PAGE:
Summertime is upon us, and you know what that means: sunshine, sandy beaches and…increasing financial aid packages? Ok, so summer and more money for college don’t exactly go hand in hand, but who’s complaining? Certainly not students.
There is a little known secret in the world of college admissions and financial aid, and it’s referred to by professionals as “summer melt.” The phrase is used to describe the phenomenon that takes place when students, after May 1, change their minds about their “final” decision and switch allegiance to another college. By switching colleges, those students forego their financial aid
and scholarship packages at their initial choice, therefore freeing up money for other committed students.
All you have to do to potentially get a hold of more money for college is ask. Here’s how:
1. Write a letter or make a phone call to the financial aid office.
First, start the conversation by thanking the school for the generous financial aid package that they already awarded you. Proceed to discuss your enthusiasm for the school and ask nicely if there is any further financial aid that has become available and can be distributed to your financial aid package.
2. Know when to call.
It would be pointless to contact the school’s financial aid office the week after May 1, or National Decision Day
. Rather, wait until mid-summer, i.e. late June or early July. At this point, those students who were unsure in May have committed to their final decision, thereby freeing up financial aid.
3. Do your research.
While there may be financial aid money that is unclaimed, there may also be scholarships that fall into the same category. Ask the financial aid office if there are still scholarship opportunities that are open or were never distributed. They can tell you how to apply.
4. Be honest.
If your financial circumstances have changed, this is your chance to let the financial aid office know before the school year begins. Chances are, your package cannot be changed during the school year. So if a job loss or death has impacted your family’s finances, share this with the financial aid office now.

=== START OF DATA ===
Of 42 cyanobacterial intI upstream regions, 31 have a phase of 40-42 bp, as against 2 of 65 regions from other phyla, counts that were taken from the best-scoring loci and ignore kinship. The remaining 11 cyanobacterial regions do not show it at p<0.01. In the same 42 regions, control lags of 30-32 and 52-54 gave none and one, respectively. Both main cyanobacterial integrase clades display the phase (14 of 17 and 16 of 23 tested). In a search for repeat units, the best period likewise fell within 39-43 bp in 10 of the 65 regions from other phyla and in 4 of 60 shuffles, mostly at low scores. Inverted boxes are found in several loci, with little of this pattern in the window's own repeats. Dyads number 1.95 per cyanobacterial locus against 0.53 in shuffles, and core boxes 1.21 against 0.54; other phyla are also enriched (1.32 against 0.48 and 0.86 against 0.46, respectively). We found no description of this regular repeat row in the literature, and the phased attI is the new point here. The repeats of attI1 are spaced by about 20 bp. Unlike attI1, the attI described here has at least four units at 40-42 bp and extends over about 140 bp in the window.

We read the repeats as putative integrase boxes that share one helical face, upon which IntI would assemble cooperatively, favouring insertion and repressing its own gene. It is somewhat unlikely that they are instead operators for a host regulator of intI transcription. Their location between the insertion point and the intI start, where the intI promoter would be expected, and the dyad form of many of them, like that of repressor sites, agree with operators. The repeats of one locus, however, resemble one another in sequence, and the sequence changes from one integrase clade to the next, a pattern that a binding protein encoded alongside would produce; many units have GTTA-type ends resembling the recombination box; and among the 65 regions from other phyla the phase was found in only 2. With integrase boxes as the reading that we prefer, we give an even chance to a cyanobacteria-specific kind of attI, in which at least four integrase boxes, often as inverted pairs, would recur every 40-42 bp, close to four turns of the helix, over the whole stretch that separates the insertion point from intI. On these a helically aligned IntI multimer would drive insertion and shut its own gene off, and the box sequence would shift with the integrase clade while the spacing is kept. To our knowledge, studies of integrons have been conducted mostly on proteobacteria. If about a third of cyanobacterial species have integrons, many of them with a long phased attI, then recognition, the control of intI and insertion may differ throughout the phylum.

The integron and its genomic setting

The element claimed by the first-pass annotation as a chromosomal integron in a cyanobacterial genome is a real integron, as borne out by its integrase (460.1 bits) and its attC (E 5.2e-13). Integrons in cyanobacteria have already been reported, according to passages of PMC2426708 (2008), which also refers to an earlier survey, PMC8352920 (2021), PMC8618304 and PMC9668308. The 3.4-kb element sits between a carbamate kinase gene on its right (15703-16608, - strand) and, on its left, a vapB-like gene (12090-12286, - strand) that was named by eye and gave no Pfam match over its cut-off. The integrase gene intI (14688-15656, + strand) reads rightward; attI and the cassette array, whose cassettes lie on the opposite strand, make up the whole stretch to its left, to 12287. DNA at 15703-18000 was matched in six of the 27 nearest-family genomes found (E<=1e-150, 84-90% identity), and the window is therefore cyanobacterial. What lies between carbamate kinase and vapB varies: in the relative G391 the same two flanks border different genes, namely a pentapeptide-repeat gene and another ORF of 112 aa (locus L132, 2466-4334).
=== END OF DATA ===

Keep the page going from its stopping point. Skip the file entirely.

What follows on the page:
Recently, another phenomenon has claimed the phrase “summer melt.” It applies to low-income, minority students who commit to a college in May but then “melt away” over the summer months. According to the U.S. Board of Education’s blog
, roughly 10 – 20% of college-bound students nationwide decide against actually attending a college altogether, rather than merely transferring colleges. In the Southwest alone, 44% of students in 2011 decided against going to college during the summer months leading up to the start of the school year.
Students that are daunted by the prospect of college and considering backing out should keep in mind a few things. First, if funds are too limited to realistically afford college, students can do the above and contact their school’s financial aid office to see if there is more money available. Second, they can continue the scholarship search throughout the summer and for the remainder of the college years, keeping in mind that scholarships
are not just limited to high school seniors. Third, they can seek encouragement and guidance from their friends and family about the excitement and achievement of going to college.
As you make plans to start your first year of college, remember that there is more to do besides scoping out your future roommate on social media, picking out bedding and registering for classes. Talk to your financial aid office about a better deal, and share any concerns you have about leaving for college with your family, friends and counselors. This is one of the most exciting opportunities of your life; now it’s time to get ready for a life-changing experience!